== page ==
Even Ibn Battuta would struggle in the age of overtourism

The famed traveller took decades to explore the world but modern travel and social media can lead to destinations being quickly overrun



A 19th-century depiction of Ibn Battuta, the Moroccan traveller who spent nearly three decades exploring North Africa, the Middle East, India and East Asia. Getty
A 19th-century depiction of Ibn Battuta, the Moroccan traveller who spent nearly three decades exploring North Africa, the Middle East, India and East Asia. Getty

The greatest traveller the Arab world ever produced did things slowly. Although Ibn Battuta – born 719 years ago this week – journeyed from his home in Tangiers across North Africa, the Middle East, India and East Asia in his time, he took 28 years to do it.

The same cannot be said of the modern traveller. Although Covid-19 and the resulting global economic downturn put a halt to the gallop of 21st-century mass tourism, it is back with a bang as people take advantage of technology and transport the likes of which the Moroccan scholar, author and explorer could hardly have imagined.

According to data from the UN World Tourism Organisation released last month, international tourist arrivals could reach 80 to 95 per cent of pre-pandemic levels this year.

In all of human history it has never been easier to see so many countries in a short time. More than 900 million tourists travelled internationally last year, the UN says – double the number recorded in 2021. Every region recorded notable increases, with the Middle East experiencing the strongest relative rise as arrivals climbed to 83 per cent of pre-Covid numbers.

While tour guides, hotel owners, drivers and restaurateurs – not to mention the dozens of other professions that depend on tourism – will welcome this return, it should come with a caveat about the potential downside of mass travel.

Ask a resident of Venice, for example. The Floating City – a Unesco World Heritage Site – has been mobbed by visitors in recent years, with combined arrivals by domestic and international tourists reaching 2.1 million in 2021. Many would spill off the hulking cruise liners moored in the Venice lagoon until the Italian government eventually banned ships weighing more than 25,000 tonnes from docking.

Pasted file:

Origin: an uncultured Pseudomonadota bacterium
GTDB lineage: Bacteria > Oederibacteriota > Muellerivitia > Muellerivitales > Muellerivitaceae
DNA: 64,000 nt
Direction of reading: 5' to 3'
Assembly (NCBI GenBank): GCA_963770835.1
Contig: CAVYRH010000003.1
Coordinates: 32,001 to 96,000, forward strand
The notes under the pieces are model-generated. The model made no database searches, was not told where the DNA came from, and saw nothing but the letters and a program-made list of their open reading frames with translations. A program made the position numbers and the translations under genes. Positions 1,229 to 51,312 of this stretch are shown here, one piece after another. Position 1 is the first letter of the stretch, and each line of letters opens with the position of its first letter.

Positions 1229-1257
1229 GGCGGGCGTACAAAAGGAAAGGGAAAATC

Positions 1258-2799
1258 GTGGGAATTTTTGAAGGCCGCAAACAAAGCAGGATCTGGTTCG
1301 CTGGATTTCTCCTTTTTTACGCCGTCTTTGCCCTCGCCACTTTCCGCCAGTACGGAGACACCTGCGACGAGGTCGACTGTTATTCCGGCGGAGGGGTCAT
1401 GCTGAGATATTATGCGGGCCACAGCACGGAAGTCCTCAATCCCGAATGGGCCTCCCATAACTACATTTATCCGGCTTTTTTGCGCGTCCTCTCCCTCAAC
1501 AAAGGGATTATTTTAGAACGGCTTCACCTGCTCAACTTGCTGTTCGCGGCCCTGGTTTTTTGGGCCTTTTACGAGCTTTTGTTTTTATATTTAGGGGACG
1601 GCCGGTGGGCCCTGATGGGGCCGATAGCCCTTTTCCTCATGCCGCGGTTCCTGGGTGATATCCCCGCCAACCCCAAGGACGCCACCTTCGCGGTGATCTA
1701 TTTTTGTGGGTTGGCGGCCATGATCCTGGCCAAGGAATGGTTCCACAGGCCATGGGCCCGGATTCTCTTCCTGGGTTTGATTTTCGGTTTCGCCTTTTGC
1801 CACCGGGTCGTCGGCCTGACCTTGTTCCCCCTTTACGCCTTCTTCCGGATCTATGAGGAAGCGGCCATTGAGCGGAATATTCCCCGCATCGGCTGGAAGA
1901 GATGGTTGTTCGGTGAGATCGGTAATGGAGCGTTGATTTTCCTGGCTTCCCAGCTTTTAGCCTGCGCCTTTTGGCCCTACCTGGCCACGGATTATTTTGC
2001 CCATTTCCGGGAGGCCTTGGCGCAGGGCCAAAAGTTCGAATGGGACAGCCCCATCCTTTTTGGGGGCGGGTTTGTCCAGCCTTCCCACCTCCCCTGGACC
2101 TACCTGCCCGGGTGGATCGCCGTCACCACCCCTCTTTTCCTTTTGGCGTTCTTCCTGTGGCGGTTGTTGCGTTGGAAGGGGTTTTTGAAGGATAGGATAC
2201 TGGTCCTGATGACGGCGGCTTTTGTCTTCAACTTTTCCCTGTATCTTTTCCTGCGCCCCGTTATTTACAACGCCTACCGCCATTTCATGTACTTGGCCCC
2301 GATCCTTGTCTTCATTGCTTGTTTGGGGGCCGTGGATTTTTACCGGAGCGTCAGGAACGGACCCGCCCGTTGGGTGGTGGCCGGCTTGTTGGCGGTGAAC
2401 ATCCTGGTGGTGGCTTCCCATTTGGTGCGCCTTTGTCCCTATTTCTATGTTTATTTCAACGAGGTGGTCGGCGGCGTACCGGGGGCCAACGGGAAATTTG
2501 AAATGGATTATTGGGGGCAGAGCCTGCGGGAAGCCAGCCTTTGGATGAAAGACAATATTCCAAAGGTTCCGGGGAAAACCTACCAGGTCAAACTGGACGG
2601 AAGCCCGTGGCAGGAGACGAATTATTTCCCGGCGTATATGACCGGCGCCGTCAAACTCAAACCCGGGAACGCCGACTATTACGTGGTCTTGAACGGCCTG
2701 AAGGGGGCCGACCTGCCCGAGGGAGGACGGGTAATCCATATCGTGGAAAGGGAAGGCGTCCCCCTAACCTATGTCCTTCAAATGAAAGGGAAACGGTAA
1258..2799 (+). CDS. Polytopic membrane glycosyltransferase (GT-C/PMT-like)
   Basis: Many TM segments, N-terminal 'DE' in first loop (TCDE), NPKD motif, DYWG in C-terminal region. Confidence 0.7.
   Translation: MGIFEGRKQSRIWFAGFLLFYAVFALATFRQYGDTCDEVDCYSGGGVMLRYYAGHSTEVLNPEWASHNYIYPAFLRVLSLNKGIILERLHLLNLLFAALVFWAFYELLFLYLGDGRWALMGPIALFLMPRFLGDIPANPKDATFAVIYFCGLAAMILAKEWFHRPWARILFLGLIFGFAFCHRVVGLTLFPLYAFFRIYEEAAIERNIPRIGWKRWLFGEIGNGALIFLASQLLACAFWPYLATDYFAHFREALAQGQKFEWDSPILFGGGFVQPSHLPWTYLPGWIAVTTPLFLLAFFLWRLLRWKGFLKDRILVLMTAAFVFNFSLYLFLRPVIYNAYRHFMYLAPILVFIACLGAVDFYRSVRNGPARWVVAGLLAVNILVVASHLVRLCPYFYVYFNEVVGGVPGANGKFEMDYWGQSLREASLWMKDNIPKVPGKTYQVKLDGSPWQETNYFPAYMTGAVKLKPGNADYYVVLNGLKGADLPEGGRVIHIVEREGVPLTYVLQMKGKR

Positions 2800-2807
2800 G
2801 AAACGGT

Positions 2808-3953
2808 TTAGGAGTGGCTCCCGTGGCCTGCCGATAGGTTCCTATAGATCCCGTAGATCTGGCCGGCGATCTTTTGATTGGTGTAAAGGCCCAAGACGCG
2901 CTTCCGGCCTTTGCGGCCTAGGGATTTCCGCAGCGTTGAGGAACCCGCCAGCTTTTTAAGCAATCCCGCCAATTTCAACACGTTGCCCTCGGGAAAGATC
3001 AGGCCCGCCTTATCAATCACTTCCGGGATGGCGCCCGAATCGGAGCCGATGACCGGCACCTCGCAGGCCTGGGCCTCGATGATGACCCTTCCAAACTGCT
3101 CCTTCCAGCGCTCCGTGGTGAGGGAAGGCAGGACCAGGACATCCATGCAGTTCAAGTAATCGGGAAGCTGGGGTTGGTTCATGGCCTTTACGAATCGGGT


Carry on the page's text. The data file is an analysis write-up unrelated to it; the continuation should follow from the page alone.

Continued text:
FILE PHOTO: Tourists walk on a bridge as a gondolier rows his gondola near St.Marks Square in Venice, Italy, April 2, 2019. REUTERS/Guglielmo Mangiapane/File Photo
Tourists in Venice crowd on a bridge as a gondolier rows underneath. Reuters

Barcelona was another European destination to succumb. Its own population of just 1.6 million people was dwarfed in 2019 by a colossal 8.5 million international tourists, according to data from the city council. Irate residents and local leftists eventually resorted to hanging banners and daubing graffiti that bluntly told their thousands of unwanted guests to go home.

Many of Greece’s islands have suffered similar pressures. Among some of the most beautiful places in the world, these magnets for international visitors often have to endure crowded streets and overrun beaches. Many operate largely on a seasonal economy that is vulnerable to the whims of the tourist market or a global travel crisis, such as that caused by Covid.

Last year, the regional authority of Crete closed an entire island to tourists. Chrissi, an uninhabited outpost about 15km south of the Cretan mainland, once had 200,000 visitors a year until it became clear that its golden beaches and natural environment – including a 300-year-old cedar forest – needed a time out.